"And you expect me to believe you're not interested in how I did that?" Motioning to the brick wall he had recently used as an entrance, then waving the envelope again, Will noted his words starting to make a difference.
Standing still like a block of wood, Eisenheim mulled the situation over, his eyes not once lifting from the intriguing paper. Slowly, the magician raised a hand and touched the seal with his fingertips, then took a hold of it.
Will didn't let go right away, but yanked the envelope a little as if testing Eisenheim's grip. Feeling it being sufficient so that the paper wouldn't fall, Will allowed Eisenheim to take it, tightening his arm around the man's shoulders for a moment. "Good choice Mr. Eisenheim. You're about to enjoy one of the most extraordinary experiences a man can ever have. I promise."
A loud ruckus sounded behind them and Eisenheim whirled around, alerted, breaking loose from Will's friendly hold.
Both Eisenheim and Will stared at Jack who stood with his hat in his hands, a yellow folder peeking out of it with ridiculous obviousness. Jack himself looked like a raccoon caught rummaging the cupboards.
Stark, cold silence befell into the room while Eisenheim rapidly put the pieces together in his mind.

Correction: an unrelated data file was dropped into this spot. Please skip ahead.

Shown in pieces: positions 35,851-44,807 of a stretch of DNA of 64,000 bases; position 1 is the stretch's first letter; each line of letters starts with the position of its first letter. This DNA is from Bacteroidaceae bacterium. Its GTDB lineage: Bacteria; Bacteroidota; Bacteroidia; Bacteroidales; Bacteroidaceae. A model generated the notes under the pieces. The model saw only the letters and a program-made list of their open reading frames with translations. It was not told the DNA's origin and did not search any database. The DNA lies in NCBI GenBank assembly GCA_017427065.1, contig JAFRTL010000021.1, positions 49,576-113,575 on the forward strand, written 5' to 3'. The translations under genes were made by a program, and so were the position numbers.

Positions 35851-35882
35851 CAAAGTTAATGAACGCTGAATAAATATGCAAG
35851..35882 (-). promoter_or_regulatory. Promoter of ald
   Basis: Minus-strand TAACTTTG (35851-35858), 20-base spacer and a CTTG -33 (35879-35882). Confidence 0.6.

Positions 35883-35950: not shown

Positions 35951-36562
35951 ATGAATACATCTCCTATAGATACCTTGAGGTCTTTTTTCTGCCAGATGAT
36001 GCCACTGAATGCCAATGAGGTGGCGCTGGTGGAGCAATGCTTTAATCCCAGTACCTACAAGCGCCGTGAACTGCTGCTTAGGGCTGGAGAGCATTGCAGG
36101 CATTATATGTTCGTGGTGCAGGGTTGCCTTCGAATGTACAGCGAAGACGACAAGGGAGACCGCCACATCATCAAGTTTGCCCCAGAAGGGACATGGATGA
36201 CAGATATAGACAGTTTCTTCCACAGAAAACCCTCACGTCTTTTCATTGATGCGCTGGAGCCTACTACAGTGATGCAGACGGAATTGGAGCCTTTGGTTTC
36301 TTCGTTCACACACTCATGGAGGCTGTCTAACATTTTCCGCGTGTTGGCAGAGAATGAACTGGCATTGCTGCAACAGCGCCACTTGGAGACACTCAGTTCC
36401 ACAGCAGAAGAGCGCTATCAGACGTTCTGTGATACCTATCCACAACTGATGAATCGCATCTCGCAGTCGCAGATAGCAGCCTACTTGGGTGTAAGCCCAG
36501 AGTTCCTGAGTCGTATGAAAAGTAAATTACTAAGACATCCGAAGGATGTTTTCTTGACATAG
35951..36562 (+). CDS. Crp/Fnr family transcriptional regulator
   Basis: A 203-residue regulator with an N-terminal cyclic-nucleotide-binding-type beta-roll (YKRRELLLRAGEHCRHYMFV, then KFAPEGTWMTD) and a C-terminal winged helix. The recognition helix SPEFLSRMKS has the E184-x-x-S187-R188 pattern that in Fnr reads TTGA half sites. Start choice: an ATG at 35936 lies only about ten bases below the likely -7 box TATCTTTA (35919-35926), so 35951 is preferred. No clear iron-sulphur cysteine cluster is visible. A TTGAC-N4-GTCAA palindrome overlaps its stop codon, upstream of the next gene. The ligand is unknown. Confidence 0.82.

"You can tell the Inspector that if he doesn't have the decency to come here in person, he can expect to get nothing from me."
Seething with barely held anger, Eisenheim stepped briskly to stone-still Jack and snatched the folder from the hat. "Especially," he continued in clipped tones, "when he is stupid enough to send common thieves in his stead."
The illusionist walked to the door and unlocked it, holding it open with his posture stiff and his head up high.
"Before we leave," Will halted Jack by the arm and turned to Eisenheim. "You still have my trick. It would stand to reason you gave something in exchange."
"You're right, it would stand to reason." Thinking that it was a great chance to cause Inspector Uhl a grave disappointment, Eisenheim moved to take a small red ball from the table, then handed it to Will.
Turning his back to the men, the magician explained the proceedings. "Put the ball in your fist, raise your hand against your forehead. Concentrate on it, form a mental picture." Eisenheim paused to wait for a moment. "Have you got it?"
"Put your hands in front of you."
Eisenheim turned again to face the men and merely glimpsed at Will's extended fists. "It's in your right one."
Will gave Jack a sharp look as if suspecting him having given it away, then thought better of it and asked, "How?"
"Your hand. When you hold it up the blood drains from it. It will be paler than the other one, every time."